Wednesday, December 26, 2007

San Francisco Bay Area, Day 9

Arived in SFO nine days ago, and have been too, um, occupied to blog. So here's a run-down of what I've been not blogging about the past few days.

Day 1 onwards: My Mom's home cooking-- Yes, I only get my childhood comfort food when I'm on vacation in SFO. After all the countries, cuisines, and restaurants I've tried, nothing beats Mom's cooking. So far, I've had pork sinigang, garlic-fried salmon belly, soy-marinated catfish, linguine in meat sauce, and lots of fried rice. Looking forward to the stuffed cabbage, beef mechad or nilaga, etc. Michelin and Zagat have nothing on this.

Day 1: Masu (3rd Ave., San Mateo, CA)-- This is a Japanese restaurant specialising in the quick-fire production of California sushi rolls. It features an all-you-can-eat lunch for $12/person, which of course we availed ourselves of. There is no buffet table here; rather, you order each dish you want after you finish the last one you ordered. As far as sushi craftsmanship goes, Masu will not exactly please the aesthetic sense of the shogun-- the rolls look like they were haphazardly done (something to be expected here) and the rice sometimes falls as soon as you dip into the soysauce. Flavour-wise, it isn't bad with its varied selection of sushi rolls, and the raw fish are fresh enough for the average Joe (i.e., no fishy smell). Aside from sushi rolls, you may also order tempura, ramen, and teriyaki-- the salmon teriyaki is actually good. Service is pretty fast and efficient, and your order usually comes within five minutes, longer if you order cooked stuff. Bottomline, Masu isn't haute Japanese cuisine, but it offers superb value for money and is much better than the average buffet lunch in its price level.

Day 2: Godiva Chocolates (Hillsdale Mall, San Mateo, CA)-- Godiva makes some of the smoothest chocolates I've eaten. Quite pricey, but good. As usual, I prefer the white and milk chocolates over the dark. They also make blended chocolate shakes in this store, which for me defeats the purpose of going to Godiva.

Day 4: Marina Food (Norfolk St., San Mateo, CA)-- No this isn't a restaurant, this is one of the many Asian supermarkets in the Bay Area, and a very well-stocked one at that. The reason Marina made it to this post is because of what it sells-- Victorias Spanish Sardines and Bangus. After weeks of looking for them in Manila (my folks wanted be to bring some to SFO), this is where I find those orange-and-yellow cans. For those who don't know, Victorias are a Filipino company selling goods manufactured in the Philippines. A stocker in Landmark Supermarket (Gateway Mall, Quezon City) told my Dear and me that Victorias have stopped delivering their products to local stores and instead export practically all their stuff. Well, this confirms his story.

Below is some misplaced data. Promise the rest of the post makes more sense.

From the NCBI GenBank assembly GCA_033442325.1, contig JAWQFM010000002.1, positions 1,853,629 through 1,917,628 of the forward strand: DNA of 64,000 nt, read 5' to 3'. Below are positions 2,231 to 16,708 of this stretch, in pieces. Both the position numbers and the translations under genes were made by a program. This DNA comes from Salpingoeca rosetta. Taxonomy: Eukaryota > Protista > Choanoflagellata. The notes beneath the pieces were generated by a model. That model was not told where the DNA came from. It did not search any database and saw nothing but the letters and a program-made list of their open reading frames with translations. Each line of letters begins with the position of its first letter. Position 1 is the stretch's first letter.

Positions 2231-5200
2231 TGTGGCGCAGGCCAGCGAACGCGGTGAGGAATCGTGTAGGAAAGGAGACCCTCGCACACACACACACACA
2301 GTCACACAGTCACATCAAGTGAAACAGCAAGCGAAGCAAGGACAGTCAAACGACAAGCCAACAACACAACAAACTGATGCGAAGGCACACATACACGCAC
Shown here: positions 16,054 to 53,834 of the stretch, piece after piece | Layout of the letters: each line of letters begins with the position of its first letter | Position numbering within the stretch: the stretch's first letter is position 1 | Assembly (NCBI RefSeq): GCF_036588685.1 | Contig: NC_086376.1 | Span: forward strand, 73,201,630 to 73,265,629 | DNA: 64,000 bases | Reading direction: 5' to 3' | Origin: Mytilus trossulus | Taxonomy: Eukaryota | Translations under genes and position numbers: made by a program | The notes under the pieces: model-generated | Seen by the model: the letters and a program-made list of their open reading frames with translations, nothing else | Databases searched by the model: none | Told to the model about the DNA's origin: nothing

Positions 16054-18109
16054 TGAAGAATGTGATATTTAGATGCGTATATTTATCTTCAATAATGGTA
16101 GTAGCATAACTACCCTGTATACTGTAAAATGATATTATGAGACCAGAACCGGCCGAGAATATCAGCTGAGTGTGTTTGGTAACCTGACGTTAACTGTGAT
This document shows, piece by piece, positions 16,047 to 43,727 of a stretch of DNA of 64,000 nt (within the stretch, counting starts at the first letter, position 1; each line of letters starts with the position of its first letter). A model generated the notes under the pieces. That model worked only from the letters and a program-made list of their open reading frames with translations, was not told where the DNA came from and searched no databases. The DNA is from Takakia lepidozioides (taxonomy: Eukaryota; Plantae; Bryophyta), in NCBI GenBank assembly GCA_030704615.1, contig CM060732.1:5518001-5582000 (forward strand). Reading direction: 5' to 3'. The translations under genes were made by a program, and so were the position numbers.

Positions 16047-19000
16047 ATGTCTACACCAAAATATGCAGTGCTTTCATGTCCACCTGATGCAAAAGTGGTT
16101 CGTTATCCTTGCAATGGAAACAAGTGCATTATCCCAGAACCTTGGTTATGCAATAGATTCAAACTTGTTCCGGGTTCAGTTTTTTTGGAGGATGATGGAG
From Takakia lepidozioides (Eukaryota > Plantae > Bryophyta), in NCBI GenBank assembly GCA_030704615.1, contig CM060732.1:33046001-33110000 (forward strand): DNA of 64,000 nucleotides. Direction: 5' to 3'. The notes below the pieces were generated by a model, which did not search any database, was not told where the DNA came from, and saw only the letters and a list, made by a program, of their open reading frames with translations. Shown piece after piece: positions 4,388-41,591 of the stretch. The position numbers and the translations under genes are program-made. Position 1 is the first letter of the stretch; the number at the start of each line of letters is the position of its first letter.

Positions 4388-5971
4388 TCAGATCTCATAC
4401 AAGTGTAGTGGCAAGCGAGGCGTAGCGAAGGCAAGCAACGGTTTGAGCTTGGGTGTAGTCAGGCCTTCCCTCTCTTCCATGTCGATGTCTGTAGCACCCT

Day 6: Copenhagen Bakery & Cafe (Burlingame Ave., Burlingame, CA)-- I've been going here since 2001 usually for coffee and desserts, but this is the first time I had breafast here. People here will find this weird since Copenhagen has been a breakfast institution in Burlingame for decades, with many people walking here from church on Sunday mornings. I got the Veracruz omelette ($8.95)-- roasted peppers, avocados, sour cream, and cheese-- which was that day's special; my Dad got the Popeye omelette ($7.75), which had spinach and cheese; and my Mom got blueberry pancackes ($6.95), which always seem to come in threes. All omelette orders come with country-fried potatoes and buttered toast, which makes this a very hearty breakfast indeed. Copenhagen has a relaxed and casual atmosphere, and, despite its brisk business, has managed to keep its neighbourhood feel. And yes, avocados are a good filling for omelettes, depending on what goes with it.

Day 8: Noche Buena-- I'll have a special post for this. Eventually.

Day 9: Carl's Jr. (Triton Dr., Foster City, CA)-- I got the Portobello Mushroom 6-Dollar Burger. It was very good, I should say. Much better than the restaurant burgers I get in Manila. For one, you can actually taste the beef here, which is thick and juicy, not the anemic and shrivelled patties in most burger places in Manila. They are also generous with the lettuce, tomatoes, and mushrooms (of course). And to think Carl's Jr. burgers only rate 18 out of a possible 30 in Zagat surveys, so at most it is above average and in no way an outlier. So yes, the Americans make a pretty darned good burger.

No comments: